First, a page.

73rd over: Pakistan 216-5 (Shakeel 59, Nawaz 5) Mark Wood replaces Jimmy Anderson (10-1-19-1). All the England quicks are bowling very straight, trying to maximise any uneven bounce, although Wood keeps Shakeel on his toes with a sharp bumper that flies through to Pope. “Take a bow Mark Wood,” says Mike Atherton on commentary, “getting one to bounce above the shoulder on this pitch.”
72nd over: Pakistan 215-5 (Shakeel 59, Nawaz 4) Shakeel tries to cut a ball from Root that keeps extremely low and ends up in the hends of Ollie Pope. England go up for caught behind, but the umpires isn’t interested. Replays confirm there was no edge, though it was a superb take from Pope.
Shakeel is going nowhere at the moment; he’s scored five from 24 balls this morning.
71st over: Pakistan 215-5 (Shakeel 59, Nawaz 4) Shakeel does well to defend a grubber from Anderson that has designs on his front pad. Then Nawaz gets off the mark with an edge through the vacant slip cordon for four. I don’t think it would have carried anyway. This is fascinating stuff.
70th over: Pakistan 210-5 (Shakeel 59, Nawaz 0) Meanwhile, given the time of day (in the UK), this is an interesting read. My sleep patterns are a disgrace, and not only when there’s cricket on in the wee hours, so I might give it a try.
WICKET! Pakistan 210-5 (Ashraf c Crawley b Root 10)
A big breakthrough for England! Ashraf pushes with hard hands at a good delivery that curves in and then straightens to take the edge, and Zak Crawley takes a comfortable catch at slip. That’s Joe Root’s 50th Test wicket.
69th over: Pakistan 208-4 (Shakeel 58, Ashraf 9) A swinging half-volley from Anderson is crunched through mid-off for four by Ashraf, the first boundary of the day. So far so good for Pakistan.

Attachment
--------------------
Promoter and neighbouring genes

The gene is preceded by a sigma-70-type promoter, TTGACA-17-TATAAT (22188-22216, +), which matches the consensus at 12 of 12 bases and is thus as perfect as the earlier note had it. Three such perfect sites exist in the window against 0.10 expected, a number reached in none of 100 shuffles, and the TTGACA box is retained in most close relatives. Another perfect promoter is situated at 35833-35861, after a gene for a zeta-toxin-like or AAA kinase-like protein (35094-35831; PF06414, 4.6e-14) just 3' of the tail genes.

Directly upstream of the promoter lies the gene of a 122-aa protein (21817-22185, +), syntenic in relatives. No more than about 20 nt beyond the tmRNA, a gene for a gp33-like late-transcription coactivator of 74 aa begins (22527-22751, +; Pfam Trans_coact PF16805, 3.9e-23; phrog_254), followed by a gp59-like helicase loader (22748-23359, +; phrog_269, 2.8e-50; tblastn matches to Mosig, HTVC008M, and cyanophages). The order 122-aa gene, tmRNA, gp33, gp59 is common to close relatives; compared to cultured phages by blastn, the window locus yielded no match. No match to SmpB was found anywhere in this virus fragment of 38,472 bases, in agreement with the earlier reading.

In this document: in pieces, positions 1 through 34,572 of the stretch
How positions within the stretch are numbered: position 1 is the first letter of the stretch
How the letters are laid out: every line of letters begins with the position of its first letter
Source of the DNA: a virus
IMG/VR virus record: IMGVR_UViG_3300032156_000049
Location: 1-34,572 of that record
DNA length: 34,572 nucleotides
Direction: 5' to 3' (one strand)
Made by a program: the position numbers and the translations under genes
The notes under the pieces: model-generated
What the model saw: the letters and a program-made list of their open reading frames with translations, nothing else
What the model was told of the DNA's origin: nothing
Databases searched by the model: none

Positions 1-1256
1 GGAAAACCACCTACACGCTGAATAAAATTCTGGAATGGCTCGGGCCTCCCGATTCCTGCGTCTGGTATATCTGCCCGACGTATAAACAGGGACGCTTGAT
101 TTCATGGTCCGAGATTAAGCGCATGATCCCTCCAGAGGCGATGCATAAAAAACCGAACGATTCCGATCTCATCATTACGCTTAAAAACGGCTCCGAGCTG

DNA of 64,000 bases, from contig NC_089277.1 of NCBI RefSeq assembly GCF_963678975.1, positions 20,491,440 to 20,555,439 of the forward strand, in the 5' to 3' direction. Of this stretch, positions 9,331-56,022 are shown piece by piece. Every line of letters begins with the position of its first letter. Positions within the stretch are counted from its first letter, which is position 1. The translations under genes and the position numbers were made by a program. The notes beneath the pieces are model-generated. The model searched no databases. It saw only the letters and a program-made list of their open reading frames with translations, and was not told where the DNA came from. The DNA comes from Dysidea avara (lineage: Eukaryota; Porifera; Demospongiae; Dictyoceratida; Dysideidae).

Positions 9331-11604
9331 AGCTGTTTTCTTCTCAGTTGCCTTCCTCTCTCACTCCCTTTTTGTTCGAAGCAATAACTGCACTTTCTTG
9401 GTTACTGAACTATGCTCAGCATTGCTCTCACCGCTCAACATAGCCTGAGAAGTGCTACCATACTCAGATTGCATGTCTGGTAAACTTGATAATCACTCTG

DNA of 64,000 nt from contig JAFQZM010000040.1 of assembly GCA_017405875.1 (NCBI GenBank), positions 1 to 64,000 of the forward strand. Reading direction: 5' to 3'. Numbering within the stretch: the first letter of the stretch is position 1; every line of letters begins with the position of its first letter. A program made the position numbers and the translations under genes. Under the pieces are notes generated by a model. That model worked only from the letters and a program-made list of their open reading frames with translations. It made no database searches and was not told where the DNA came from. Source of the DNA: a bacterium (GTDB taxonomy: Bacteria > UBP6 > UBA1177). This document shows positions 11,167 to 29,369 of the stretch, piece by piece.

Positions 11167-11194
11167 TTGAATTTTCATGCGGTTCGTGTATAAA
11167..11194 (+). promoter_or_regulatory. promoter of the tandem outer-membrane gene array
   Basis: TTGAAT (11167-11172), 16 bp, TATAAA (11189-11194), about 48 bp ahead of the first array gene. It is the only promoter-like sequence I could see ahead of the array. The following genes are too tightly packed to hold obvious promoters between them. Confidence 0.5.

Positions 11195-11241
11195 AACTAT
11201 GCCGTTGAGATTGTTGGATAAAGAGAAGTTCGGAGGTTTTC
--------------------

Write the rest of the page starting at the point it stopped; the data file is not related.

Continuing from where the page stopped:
68th over: Pakistan 203-4 (Shakeel 58, Ashraf 4) Saud Shakeel looks a really good players. This is only his second Test, but he has a striking first-class average of 53.
“Sorry to hear that you are not feeling too chipper, but kudos for still taking the reins of the OBO in the wee small hours,” says Brian Withington. “Let’s hope the cricket keeps you entertained if not compos mentis!”
I feel like Tony Sopranos at the start of Funhouse, though I should stress I’m not about to kill my best friend, and I can’t blame Artie’s shellfish.
67th over: Pakistan 201-4 (Shakeel 57, Ashraf 3) Ashraf punches a pleasant drive that is well fielded to his right by the bowler Anderson; then he defends a good one that keeps a bit low. It’s been a cagey start.
66th over: Pakistan 200-4 (Shakeel 56, Ashraf 3) It’s Joe Root from the other end. There’s a bit of turn, but it’s very slow, and Shakeel has plenty of time to wave a single behind square on the off side.
“In this Test we’ve had a beglassed bowler bowling to a similarly handsome batsman in Leach to Imam-ul-Haq,” says Tom Peach. “When was the last time this happened? Vettori to Sehwag?”
Did Sehwag wear glasses? That completely passed me by. I suppose I was distracted by the ball being slammed through point for four.
65th over: Pakistan 199-4 (Shakeel 55, Ashraf 3) We’re starting early to make up for lost time. Jimmy Anderson starts with no slips, two men on the drive and another at short midwicket. Everything is pitched up to invite the drive, but Shakeel and Ashraf politely decline for now. One from the over.
If Pakistan win it will be their second highest runchase in Tests, behind a fourth-innings romp at Pallekele in 2015. The last time England failed to defend a target of this size was on an emotional day at Mumbai in 2008.
A bit of news from Australia, where Pat Cummins and friends will be going toecrusher to toecrusher with South Africa’s pacemen in Brisbane at the weekend.
A pre-emptive apology
Over the last 24 hours I’ve caught something not entirely pleasant, and I’m not entirely cognisant of what day it is. Thus, please accept my apologies for what you’re about to read over the next few hours until Daniel takes over.
Ali Martin’s day three report
Hello and welcome to live coverage of the fourth and final day of the second Test between Pakistan and England. It’s a simple race to the finish line: Pakistan need 157 runs to square the series, England need six wickets to win it with a match to spare. Shall we crack on?